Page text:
November 2013 will long be remembered in the Philippines for the widespread devastation caused by ‘super-typhoon’ Haiyan. An increasing death toll and the leveling of central areas of the country have rendered other domestic events comparatively insignificant.
Nevertheless, just days before the typhoon struck, the country’s largest real estate transaction to date took place. It saw New York-based private equity and real estate firm Apollo Global Management exit from five prime office buildings in the capital of Manila to local conglomerate SM Investment. In less tragic circumstances, the deal might have received more attention.
Speaking before the storm, Eric Manuel, director of capital markets in the country for Cushman & Wakefield, said the sale by Apollo effectively saw the Philippines’ real estate market graduate from “investment backwater to investment grade.” He noted that he since has been inundated with inquiries from Asian and US investment managers seeking further investment opportunities in the country.
The portfolio comprised 1.6 million square feet of space and generated a net operating income of roughly PHP1.3 billion from blue-chip tenants that include law firm Baker & McKenzie, Sony, Deutsche Bank, Intel and JPMorgan Chase. A source close to the deal said the assets were representative of an occupational market that is expanding.
Bidding for the assets was hotly contested, with 20 parties initially interested. In an indicator of how foreign capital was keen to gain exposure to the country, it is understood that another US private equity firm had entered into exclusivity to buy the assets at one stage during the summer. That firm was understood to have been one of two international bidders in a final short list of five that included Philippines conglomerate Ayala Corporation, prior to SM Investment prevailing.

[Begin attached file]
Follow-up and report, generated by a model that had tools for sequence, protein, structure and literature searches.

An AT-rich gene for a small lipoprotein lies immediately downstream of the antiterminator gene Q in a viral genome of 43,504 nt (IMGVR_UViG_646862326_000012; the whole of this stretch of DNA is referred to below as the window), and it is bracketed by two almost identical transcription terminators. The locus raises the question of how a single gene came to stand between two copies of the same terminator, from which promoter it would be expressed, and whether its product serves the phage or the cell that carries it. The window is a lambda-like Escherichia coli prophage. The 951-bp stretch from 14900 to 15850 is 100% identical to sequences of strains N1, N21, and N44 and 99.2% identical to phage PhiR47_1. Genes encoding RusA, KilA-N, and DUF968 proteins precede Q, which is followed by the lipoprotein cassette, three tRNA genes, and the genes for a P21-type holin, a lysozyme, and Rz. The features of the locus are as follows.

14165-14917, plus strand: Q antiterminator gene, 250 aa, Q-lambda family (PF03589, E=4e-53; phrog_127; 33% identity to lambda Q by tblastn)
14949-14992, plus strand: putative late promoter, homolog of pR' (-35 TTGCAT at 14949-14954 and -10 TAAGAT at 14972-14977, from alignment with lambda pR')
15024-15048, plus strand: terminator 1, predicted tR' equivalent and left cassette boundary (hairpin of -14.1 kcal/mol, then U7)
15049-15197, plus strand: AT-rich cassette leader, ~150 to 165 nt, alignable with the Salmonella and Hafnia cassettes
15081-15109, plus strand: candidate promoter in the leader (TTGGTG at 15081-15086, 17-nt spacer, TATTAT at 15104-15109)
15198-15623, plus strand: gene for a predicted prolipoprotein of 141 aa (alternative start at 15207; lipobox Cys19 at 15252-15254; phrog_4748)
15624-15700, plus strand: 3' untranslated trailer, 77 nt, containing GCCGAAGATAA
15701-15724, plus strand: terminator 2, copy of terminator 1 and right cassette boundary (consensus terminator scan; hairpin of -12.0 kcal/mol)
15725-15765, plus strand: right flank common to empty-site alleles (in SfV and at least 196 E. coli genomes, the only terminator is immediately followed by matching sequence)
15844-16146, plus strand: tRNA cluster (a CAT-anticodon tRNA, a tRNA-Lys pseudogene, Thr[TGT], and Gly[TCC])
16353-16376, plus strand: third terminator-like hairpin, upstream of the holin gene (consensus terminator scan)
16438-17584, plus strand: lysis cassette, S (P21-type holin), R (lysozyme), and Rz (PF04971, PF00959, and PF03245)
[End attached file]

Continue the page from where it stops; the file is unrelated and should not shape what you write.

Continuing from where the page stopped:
The exact price of the transaction was undisclosed, but Cushman & Wakefield has estimated that SM Investment paid between PHP19.4 billion (€331 million; $445 million) and PHP22.7 billion for the assets located in Bonifacio Global City, a highly urbanized part of Manila.
One source connected to the sale process said the exit would see Apollo’s investors receive an equity multiple of roughly 2.5x on an initial investment of about $100 million.
Apollo inherited the office portfolio following its takeover of Citi Property Investors (CPI), the real estate investment management platform of Citigroup, in 2010. The properties were acquired by CPI in 2008 via its CPI Partners Asia Pacific opportunity fund, which attracted $1.3 billion in equity from investors. At the time that CPI bought into those assets, the Philippines was largely off the investment radar.
Cushman & Wakefield’s Manuel, however, emphasized that the situation is changing as President Aquino’s administration steps up its efforts to improve the country’s infrastructure, noting that the infrastructure surrounding the offices in Apollo’s portfolio played a pivotal part in their sale. With the right infrastructure, the Philippines’ demographics and urbanization trends could make it Asia’s next growth story, he said.
Still, Manuel warned international investors that domestic capital is highly competitive for real estate assets in the Philippines and ambitious to benefit from the government’s efforts. Unaware of the storm to come, he added that the country was not broadly affected by the global financial crisis and, as such, financing was readily available for domestic borrowers.
These combined factors have convinced Manuel that international investors might invest in Philippine real estate on a case-by-case basis, but they are unlikely to build an investment strategy for the country. Nonetheless, Apollo’s successful exit from five offices signals an important step in the market’s maturity. How much that thesis will be affected by last month’s natural disaster remains to be seen.